The Predatory State (Bac 2015 G1-G2-H 1er Tour)
Classical obstacles to Africa's development in the 1960s (illiteracy, low savings, low investment) still remain. Today, however, they have been overtaken by a far more insidious set of constraints, including political instability, inefficient markets, corruption and capital flight.
After independence, African governments assumed the primary role in economic development. Colonial rule was considered "evil and exploitative" and, because the colonialists were capitalists, capitalism too was to be avoided. This kind of syllogistic reasoning characterized the pronouncements of several African leaders, who viewed free markets, free trade, private enterprise and the parliamentary system of democracy as western capitalist instructions that should be rejected.
Centralized planning established itself across Africa under the premise that markets were so unreliable and underdeveloped that they could not possibly serve as a guide to investment decisions. The state alone could gather the resources needed to undertake large-scale development projects.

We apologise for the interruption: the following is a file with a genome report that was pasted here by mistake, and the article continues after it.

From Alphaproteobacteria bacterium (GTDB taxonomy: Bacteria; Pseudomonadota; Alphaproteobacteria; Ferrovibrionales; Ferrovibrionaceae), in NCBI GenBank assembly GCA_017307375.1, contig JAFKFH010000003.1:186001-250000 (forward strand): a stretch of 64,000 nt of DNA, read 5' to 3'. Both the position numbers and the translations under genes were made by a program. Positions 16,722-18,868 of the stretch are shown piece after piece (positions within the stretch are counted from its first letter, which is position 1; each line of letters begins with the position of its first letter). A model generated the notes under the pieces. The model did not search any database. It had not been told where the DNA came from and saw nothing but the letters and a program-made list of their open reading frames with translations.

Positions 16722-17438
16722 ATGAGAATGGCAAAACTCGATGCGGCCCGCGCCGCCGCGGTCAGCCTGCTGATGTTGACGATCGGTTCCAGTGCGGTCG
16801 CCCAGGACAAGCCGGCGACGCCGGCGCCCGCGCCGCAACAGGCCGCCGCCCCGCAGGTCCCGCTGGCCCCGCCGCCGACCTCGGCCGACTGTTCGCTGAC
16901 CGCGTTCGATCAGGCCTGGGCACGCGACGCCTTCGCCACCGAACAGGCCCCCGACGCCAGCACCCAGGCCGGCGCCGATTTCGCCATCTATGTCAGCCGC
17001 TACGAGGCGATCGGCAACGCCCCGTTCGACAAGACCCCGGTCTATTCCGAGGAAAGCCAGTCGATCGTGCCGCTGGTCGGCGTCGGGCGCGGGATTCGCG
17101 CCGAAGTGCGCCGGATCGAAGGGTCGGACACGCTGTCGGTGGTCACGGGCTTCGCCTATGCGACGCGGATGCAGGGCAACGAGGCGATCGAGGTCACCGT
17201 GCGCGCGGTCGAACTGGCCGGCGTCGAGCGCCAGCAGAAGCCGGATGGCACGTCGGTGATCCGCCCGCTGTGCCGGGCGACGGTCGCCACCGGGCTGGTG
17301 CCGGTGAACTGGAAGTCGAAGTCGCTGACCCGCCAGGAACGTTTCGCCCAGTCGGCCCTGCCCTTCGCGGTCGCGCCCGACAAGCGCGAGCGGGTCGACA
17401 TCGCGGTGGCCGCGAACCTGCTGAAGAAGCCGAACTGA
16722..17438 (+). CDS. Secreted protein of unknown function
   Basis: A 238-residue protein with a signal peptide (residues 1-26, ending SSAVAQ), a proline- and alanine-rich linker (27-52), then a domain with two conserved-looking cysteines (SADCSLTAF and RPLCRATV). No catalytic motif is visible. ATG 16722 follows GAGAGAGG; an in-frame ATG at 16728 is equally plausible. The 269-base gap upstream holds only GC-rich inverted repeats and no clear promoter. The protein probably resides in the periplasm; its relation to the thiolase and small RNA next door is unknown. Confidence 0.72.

Where the state emerged as the dominant player, the people were forced to abandon industry, trade and commerce. Price controls and legislation were adopted by some governments which systematically exploited the peasants. Prices of agricultural products were dictated by government to make food cheap for the urban consumers, but not determined by market forces, in accordance with African traditions. Bargaining remains the rule in village markets even today.
The state, of course, has a role to play in development, serving as a catalyst to boost productive activity. But the role ascribed to the state in Africa was debauched by the ruling elites. Much of the development that followed in post-colonial Africa can be described as "development by imitation". Grandiose projects and schemes were copied abroad and transplanted into Africa. American farmers use tractors and chemical fertilizers, so too must agriculturalists in Africa. New-York has skyscrapers, so too must Africa, in the middle of nowhere. Rome has a basilica, so too must we in Africa, and the list is endless.
Adapted from UNDP News, August 1994, p. 5
A. Guided Commentary
- From the text, which main problems did Africa face in the 1960s, as far as its development was concerned? (3 points)
- According to the text, what are the difficulties to Africa's development today? (3 points)
- Referring to the text, what happened when the state became the only decision maker in the economic development of a country? (4 points)
- Relying on the text, say what role African States should play in their development? (4 points)
In your opinion, is "development by the imitation" of developed countries an appropriate way for a developing country like yours? Justify your opinion (6 points).